Strongest solar storm since 2017 hits Earth but leaves aurora chasers in the dark

The sun erupted on March 22 at 9:45 p.m. EDT (0145 GMT on March 23) with a powerful X-class solar flare and unleashed a barrage of super-hot plasma towards Earth in what is known as a coronal mass ejection (CME).

The energetic onslaught hit our planet at 10:37 a.m. EDT (1437 GMT) on Sunday, March 24, sparking a severe G4-class geomagnetic storm, the strongest solar storm since 2017.

Geomagnetic storms, also known as solar storms, are disturbances to Earth’s magnetic field caused by large expulsions of plasma and magnetic fields from the sun’s atmosphere in the form of CMEs. The U.S. National Oceanic and Atmospheric Administration (NOAA) ranks geomagnetic storms on a scale running from G1, which can cause an increase in auroral activity around the poles and minor fluctuations in power supplies, up to G5. This most extreme level can cause complete HF (high frequency) radio blackouts on the entire sunlit side of the Earth, lasting for several hours.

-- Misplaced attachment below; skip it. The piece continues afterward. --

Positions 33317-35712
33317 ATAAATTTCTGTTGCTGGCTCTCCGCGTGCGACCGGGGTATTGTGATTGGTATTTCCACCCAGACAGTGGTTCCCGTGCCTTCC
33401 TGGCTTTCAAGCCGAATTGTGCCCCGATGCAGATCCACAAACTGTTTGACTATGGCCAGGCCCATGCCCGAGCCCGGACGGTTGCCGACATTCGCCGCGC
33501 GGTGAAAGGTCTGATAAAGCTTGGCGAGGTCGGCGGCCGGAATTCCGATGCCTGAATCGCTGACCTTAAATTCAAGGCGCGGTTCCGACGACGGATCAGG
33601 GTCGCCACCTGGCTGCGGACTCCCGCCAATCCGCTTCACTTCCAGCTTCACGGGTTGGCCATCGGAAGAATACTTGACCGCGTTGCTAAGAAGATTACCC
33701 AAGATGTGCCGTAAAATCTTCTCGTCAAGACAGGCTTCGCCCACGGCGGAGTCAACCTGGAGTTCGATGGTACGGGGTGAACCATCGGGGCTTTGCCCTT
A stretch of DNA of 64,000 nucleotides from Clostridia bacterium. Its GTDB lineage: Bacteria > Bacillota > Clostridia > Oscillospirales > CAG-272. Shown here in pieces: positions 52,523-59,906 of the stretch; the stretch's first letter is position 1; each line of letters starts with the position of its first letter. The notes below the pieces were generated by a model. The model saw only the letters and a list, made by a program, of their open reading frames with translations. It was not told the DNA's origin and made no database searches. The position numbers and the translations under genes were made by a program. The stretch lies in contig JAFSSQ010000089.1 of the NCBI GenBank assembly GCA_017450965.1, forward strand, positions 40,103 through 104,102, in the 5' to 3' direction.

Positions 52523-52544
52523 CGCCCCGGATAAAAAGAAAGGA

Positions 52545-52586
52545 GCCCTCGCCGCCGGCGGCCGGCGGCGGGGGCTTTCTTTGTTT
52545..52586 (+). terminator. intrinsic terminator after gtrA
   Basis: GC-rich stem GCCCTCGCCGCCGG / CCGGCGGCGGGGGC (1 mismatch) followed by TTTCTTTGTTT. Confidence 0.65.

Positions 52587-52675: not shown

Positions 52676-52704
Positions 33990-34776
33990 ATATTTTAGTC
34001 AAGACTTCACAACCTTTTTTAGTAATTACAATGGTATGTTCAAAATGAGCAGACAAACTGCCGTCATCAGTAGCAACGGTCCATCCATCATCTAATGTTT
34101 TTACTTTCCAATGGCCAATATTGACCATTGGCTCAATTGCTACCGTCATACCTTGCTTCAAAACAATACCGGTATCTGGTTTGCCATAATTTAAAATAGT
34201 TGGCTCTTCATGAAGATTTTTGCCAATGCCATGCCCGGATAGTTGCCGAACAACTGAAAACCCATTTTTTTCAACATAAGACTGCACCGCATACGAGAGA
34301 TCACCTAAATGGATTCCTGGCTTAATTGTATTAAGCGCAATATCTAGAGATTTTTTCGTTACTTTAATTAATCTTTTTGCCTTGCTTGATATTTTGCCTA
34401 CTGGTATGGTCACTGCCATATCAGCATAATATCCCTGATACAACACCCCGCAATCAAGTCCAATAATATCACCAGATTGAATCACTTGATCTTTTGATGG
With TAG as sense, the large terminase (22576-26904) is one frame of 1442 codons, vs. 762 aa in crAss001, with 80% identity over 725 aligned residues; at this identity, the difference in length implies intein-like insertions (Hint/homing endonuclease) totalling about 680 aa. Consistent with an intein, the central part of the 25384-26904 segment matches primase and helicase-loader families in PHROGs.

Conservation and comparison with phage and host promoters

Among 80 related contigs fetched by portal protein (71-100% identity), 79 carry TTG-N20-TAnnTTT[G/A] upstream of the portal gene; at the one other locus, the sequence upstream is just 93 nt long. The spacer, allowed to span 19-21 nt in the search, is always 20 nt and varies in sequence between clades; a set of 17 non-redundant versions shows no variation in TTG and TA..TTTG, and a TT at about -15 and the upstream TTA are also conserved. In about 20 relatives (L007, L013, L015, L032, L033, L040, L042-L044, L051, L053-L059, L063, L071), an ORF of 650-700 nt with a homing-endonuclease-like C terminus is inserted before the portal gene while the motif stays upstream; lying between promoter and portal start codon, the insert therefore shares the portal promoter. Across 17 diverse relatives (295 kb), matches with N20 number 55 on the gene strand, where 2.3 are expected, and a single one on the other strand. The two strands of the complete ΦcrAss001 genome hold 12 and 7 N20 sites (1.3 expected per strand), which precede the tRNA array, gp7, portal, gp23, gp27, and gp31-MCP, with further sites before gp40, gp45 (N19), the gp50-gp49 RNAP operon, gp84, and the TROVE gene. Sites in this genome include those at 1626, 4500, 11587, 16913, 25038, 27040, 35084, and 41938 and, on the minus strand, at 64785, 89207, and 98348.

NOAA issued a geomagnetic storm alert on March 24 and detailed that with G4-class levels it may be possible to see the northern lights as far south as Alabama to northern California.

Alas, our planet had other ideas.

“Might this be a #solarstorm fizzle?” solar physicist Tamitha Skov posted last night (March 24) on X. “Although this storm will continue for hours yet, whether it will contain southward magnetic field is the key for big #aurora shows.” Skov continued.


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